Good business

Ipswich officials, residents enjoy tight bond with two firms that have committed to the town

By David Rattigan
Globe Correspondent / April 7, 2011

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When he was considering switching companies in 2000, data architect Ron Trevarrow found Ebsco Publishing during an online search.

“To be honest with you, I didn’t realize it was in Ipswich,’’ he said.

He soon learned it was less than a half-mile from his home, and for the past decade the father of two has been able to enjoy a short commute while working at a job that is challenging, for a company determined to stay technologically competitive.

“I’ve been able to go to the track meets, the concerts, and the plays without ever having to say ‘I’m sorry, I’ve got to work,’ ’’ Trevarrow said.

Many of Ebsco’s north-of-Boston employees enjoy the lifestyle that comes with an easy commute, one of the determining factors when the company moved from Peabody in 1996.

The benefits of Ebsco’s downtown Ipswich location extend beyond those who work within the company’s three downtown buildings. Restaurants, coffee shops, retailers, dry cleaners, and other businesses enjoy having a 777-employee company within walking distance.

They also extend to the municipality itself, which has seen Ebsco not only rapidly expand its workforce, but also expand from two to four buildings plus a parking garage, with the assessed value increasing from $2.7 million in 1995 to $12.7 million in 2011.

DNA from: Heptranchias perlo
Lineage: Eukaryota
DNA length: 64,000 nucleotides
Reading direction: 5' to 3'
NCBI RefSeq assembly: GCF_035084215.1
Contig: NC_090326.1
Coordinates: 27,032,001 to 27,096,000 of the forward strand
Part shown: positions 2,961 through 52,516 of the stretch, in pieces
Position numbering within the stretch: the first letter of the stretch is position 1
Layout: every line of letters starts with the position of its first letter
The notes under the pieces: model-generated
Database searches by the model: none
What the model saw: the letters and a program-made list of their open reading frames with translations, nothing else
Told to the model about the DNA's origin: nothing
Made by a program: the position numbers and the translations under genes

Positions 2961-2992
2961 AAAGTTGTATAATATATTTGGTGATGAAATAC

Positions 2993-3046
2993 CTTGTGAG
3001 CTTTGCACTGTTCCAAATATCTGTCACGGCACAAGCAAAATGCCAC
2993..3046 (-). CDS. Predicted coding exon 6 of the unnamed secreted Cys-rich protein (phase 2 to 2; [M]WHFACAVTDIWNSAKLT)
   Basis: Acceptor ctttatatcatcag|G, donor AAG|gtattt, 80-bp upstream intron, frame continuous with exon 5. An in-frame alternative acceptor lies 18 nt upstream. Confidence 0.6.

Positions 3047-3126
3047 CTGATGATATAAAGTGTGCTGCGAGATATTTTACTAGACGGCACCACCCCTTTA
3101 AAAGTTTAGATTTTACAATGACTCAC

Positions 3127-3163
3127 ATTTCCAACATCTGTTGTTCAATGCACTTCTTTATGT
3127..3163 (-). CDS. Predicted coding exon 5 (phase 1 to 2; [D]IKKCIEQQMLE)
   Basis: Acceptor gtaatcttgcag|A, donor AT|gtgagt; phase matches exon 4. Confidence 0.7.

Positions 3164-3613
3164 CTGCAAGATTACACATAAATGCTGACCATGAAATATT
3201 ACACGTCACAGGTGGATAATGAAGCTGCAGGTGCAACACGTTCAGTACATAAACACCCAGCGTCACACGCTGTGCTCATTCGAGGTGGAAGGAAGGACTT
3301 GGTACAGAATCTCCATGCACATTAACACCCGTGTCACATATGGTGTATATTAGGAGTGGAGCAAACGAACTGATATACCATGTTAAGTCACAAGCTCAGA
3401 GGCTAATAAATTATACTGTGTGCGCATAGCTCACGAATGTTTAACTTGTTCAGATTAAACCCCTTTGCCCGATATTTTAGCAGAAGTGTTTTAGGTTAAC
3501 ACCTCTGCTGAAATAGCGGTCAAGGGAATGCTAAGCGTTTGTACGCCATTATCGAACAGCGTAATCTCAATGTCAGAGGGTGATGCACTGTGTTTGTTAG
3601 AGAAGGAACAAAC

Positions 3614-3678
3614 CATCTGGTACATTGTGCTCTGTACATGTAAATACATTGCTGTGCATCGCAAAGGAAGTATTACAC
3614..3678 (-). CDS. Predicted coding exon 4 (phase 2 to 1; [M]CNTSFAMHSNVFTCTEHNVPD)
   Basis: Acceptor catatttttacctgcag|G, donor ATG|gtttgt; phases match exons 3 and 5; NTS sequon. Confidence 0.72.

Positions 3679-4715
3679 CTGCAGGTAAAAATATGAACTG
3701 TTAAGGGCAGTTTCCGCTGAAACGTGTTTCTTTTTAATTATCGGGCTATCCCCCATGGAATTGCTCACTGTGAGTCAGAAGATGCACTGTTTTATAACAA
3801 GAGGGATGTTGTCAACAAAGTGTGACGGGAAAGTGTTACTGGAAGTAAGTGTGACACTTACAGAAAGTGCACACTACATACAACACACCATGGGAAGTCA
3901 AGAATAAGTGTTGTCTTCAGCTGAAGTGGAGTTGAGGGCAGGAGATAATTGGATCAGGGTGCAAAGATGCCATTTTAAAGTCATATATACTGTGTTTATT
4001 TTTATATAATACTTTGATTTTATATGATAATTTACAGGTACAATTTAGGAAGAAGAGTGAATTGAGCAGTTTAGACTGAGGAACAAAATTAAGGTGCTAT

There’s been a mutually beneficial relationship among Ipswich, Ebsco, and another large business that’s relatively new to town, New England Biolabs. Ebsco is the town’s largest employer, while New England Biolabs owns the town’s highest assessed property.

On Monday, those relationships will be the subject of a mobile workshop offered as part of the American Planning Association’s annual convention, hosted in Boston this Saturday through Tuesday. Titled “Quality of Life Spurs Economic Development,’’ the workshop will focus on the factors that attract businesses to quality-of-life locations, and on how businesses can participate in enhancing that quality of life.

“We’ve really benefited from having both of these businesses in town,’’ said Glenn Gibbs, Ipswich’s planning and development director.

Since moving to town in 2005, New England Biolabs has invested approximately $50 million in capital improvements to its corporate campus on the 145-acre estate formerly owned by The Salesians of Don Bosco.

The assessed value of New England Biolabs’ real property in 2004 was $2,438,300, according to Gibbs, and it has since climbed to $49,158,800, more than 2 percent of the town’s current total assessed property value. The company has also increased its workforce, from 200 to 284, with many of those jobs going to those who live in and near Ipswich.

In both cases, growing businesses were seeking room to expand, and were able to find property appropriate for that growth, and a municipality willing to accommodate them. Also in both cases, the town partnered with companies that had an interest in becoming part of the community.

When Ebsco relocated to fill its space needs in the mid-1990s, recalls co-founder Tim Collins, “We got a map out and put little pins where all the employees lived, because we wanted to do this in the way that had the least disruption on employees.’’ Ipswich was a geographic match, and some old mill buildings were coming up for sale.